Updated: Dec 2, 2020
Mothers. They come in all shapes, sizes, and personality types. Some are great (like my mom, who was so great that one of my biggest problems growing up was getting my friends to stop asking her to adopt them), others not so much. Musical theatre, which any of my regular readers know serves as my core frame of reference for life, is filled with mothers as different as those in the real world. Here, for anyone looking to discover some musical mamas, is a list of 10(ish) mother characters that sing their hearts out.
Enjoy, and Happy Mother's Day!
Please Note: Spoiler Alert! The motherhood aspect in some of these musicals is not straightforward, so consider yourself warned about possible plot spoilers before you read the descriptions.
Mother and Sarah from Ragtime The "-ish" in the title of this piece comes from the fact that I have two pairs of moms included in the list. This first entry is for Ragtime's Mother and Sarah (Marin Mazzie and Audra McDonald in the original Broadway production in 1998, respectively), two women at the turn of the 20th century from very different worlds: Mother is a white woman whose life has been entirely devoted to watching her husband's dreams be realized, while Sarah is a black woman courted by a ragtime pianist. They come to motherhood from different paths, but it is also motherhood that makes their respective paths cross:
Rose from Gypsy You can't talk about musical theatre mother characters without the genre's most well-known stage mother. Rose is the woman pulling the strings behind the scenes for the careers of her children "Dainty" June and Louise (later, Gypsy Rose Lee). Played by everyone and their mother over the years, it should be difficult to choose a favorite version of the showstopping moment when Rose finally gets her turn at center stage, but Bernadette Peters' revival in 2003 will always be tops to me:
Kim from Miss Saigon A young girl in Vietnam who has a short liaison with American soldier Chris, Kim (played by Lea Salonga in the original Broadway production in 1991), quite literally sings "I'd Give My Life for You" to her son Tam, which says more about her dedication to her child than I ever could:
Diana from next to normal Motherhood isn't easy, and Diana - the mother of a son and a daughter - endures personal tragedy almost unable to be imagined and must cope with both her own mental illness and maintaining her family, a balance that sometimes seems impossible to strike. In "I Miss the Mountains" she reflects on her life, both past and present:
Fantine and Madame Thenardier from Les Miserables My second pair of mothers from the same show are Fantine (my favorite: Ruthie Henshall) and Madame Thenardier (my favorite: Jenny Galloway). Fantine, a single struggling mother, leaving her child in the care of Madame Thenardier, herself already a mother to children like Eponine and Gavroche, is at the core of the show. One's trajectory is written as a tragedy and the other serves as the comic relief, and you would be hard pressed to find a pair of mothers more different.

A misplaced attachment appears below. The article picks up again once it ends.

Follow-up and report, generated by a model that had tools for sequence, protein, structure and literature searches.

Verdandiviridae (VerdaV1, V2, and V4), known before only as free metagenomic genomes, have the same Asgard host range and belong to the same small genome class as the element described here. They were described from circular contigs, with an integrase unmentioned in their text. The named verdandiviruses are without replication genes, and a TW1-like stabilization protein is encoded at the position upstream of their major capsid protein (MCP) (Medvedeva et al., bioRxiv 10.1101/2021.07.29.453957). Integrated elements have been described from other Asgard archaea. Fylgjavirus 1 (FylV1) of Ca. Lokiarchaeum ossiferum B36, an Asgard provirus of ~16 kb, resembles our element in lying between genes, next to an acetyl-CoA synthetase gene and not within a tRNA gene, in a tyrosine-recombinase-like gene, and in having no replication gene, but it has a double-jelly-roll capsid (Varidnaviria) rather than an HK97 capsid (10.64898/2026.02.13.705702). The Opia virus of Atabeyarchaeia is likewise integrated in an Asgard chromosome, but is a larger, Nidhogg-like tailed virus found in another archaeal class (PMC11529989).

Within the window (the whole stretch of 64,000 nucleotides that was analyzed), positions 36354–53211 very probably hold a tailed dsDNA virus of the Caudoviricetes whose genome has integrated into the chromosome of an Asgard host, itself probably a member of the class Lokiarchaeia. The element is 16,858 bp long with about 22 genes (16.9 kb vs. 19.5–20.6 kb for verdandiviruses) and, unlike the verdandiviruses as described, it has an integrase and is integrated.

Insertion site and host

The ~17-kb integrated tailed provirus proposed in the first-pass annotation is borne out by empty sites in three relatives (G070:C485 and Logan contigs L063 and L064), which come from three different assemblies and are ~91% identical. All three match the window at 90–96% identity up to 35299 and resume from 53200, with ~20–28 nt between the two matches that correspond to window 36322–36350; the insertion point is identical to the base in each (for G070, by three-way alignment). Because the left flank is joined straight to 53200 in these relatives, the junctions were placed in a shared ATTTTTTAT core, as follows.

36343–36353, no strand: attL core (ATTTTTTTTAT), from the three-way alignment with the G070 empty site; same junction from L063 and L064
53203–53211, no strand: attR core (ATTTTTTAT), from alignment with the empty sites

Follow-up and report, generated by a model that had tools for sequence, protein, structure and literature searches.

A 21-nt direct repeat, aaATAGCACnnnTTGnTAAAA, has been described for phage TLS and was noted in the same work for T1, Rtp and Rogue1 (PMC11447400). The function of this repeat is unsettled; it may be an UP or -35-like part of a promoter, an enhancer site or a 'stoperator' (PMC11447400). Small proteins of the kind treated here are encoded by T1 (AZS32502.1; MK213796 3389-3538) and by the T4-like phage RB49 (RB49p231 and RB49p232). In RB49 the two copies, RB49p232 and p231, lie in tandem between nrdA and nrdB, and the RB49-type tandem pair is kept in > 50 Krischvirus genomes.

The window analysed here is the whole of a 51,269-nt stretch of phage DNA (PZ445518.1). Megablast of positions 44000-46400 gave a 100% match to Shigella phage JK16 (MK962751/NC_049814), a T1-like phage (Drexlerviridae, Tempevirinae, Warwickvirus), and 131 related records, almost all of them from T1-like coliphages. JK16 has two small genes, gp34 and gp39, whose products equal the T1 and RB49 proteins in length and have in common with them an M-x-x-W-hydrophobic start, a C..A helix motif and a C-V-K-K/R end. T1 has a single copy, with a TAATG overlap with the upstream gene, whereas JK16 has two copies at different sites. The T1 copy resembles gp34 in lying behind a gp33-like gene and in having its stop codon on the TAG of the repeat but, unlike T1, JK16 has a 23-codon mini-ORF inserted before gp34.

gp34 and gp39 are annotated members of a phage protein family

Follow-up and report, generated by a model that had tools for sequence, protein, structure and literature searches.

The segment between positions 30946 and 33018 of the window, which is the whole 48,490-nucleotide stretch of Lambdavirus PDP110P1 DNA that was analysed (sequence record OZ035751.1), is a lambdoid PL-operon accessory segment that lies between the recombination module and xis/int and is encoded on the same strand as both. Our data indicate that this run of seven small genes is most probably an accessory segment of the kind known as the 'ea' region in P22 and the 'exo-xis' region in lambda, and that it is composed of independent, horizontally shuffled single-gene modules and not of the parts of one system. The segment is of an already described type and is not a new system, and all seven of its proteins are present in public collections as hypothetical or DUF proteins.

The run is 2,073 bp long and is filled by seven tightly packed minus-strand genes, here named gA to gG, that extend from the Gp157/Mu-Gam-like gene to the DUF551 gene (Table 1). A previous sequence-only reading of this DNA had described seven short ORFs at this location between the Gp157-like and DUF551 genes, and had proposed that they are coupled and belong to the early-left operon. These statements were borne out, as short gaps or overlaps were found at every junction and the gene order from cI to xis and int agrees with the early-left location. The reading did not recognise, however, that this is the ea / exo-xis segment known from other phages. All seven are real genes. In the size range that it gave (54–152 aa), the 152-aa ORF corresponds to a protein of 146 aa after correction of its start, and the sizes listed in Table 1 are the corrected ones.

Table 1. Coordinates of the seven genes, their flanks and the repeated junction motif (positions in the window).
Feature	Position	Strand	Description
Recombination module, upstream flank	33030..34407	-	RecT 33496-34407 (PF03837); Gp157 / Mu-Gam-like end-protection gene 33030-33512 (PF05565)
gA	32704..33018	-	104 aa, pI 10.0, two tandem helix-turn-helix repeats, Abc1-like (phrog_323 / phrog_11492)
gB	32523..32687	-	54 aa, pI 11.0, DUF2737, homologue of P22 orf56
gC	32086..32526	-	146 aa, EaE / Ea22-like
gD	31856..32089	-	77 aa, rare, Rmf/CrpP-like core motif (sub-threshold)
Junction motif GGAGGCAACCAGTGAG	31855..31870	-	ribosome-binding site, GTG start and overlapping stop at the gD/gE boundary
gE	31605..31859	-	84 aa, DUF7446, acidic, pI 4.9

Golde from Fiddler on the Roof
Another classic role, Golde has been played by a million (non-scientific estimate) women over the years, but perhaps the most well-known incarnation of the story is from the film version, where she was played by Norma Crane. Golde may not be the character with the most music in the show, but even Tevye would have to admit she was the true core of their family.
Margaret from The Light in the Piazza If I could play any mother role tomorrow, Margaret (played by Victoria Clark in the 2005 Broadway production) would be in my top two choices. While on vacation with her developmentally disabled daughter Clara, Margaret confronts her own life and expectations about love and growing up in tandem with watching her daughter first experience romance with an Italian man named Fabrizio. Fable is a classic piece of powerful introspection and rumination:
Kala from Tarzan Not all great mothers are biological, or even human. When Disney brought Tarzan to Broadway in 2006, Merle Dandridge showed audiences just how strong maternal bonds can be even if you don't give birth to the child when she played Kala, the Gorilla who adopted the orphaned Tarzan.
Sylvia from Finding Neverland A widow with four young children who are her entire world, Sylvia (played by Laura Michelle Kelly in the 2015 Broadway production) rediscovers joy when she comes into contact with J.M. Barrie, the author of Peter Pan.
Alice from Bright Star Embodied by Carmen Cusack in the 2016 Broadway production, Alice Murphy's motherhood journey is anything but simple. Initially pregnancy is delightful news, but when her child is ripped from her arms her despair is enough to break even the hardest of hearts. Still, by the end of the show her life's happiness is restored and the audience shares in her exultation: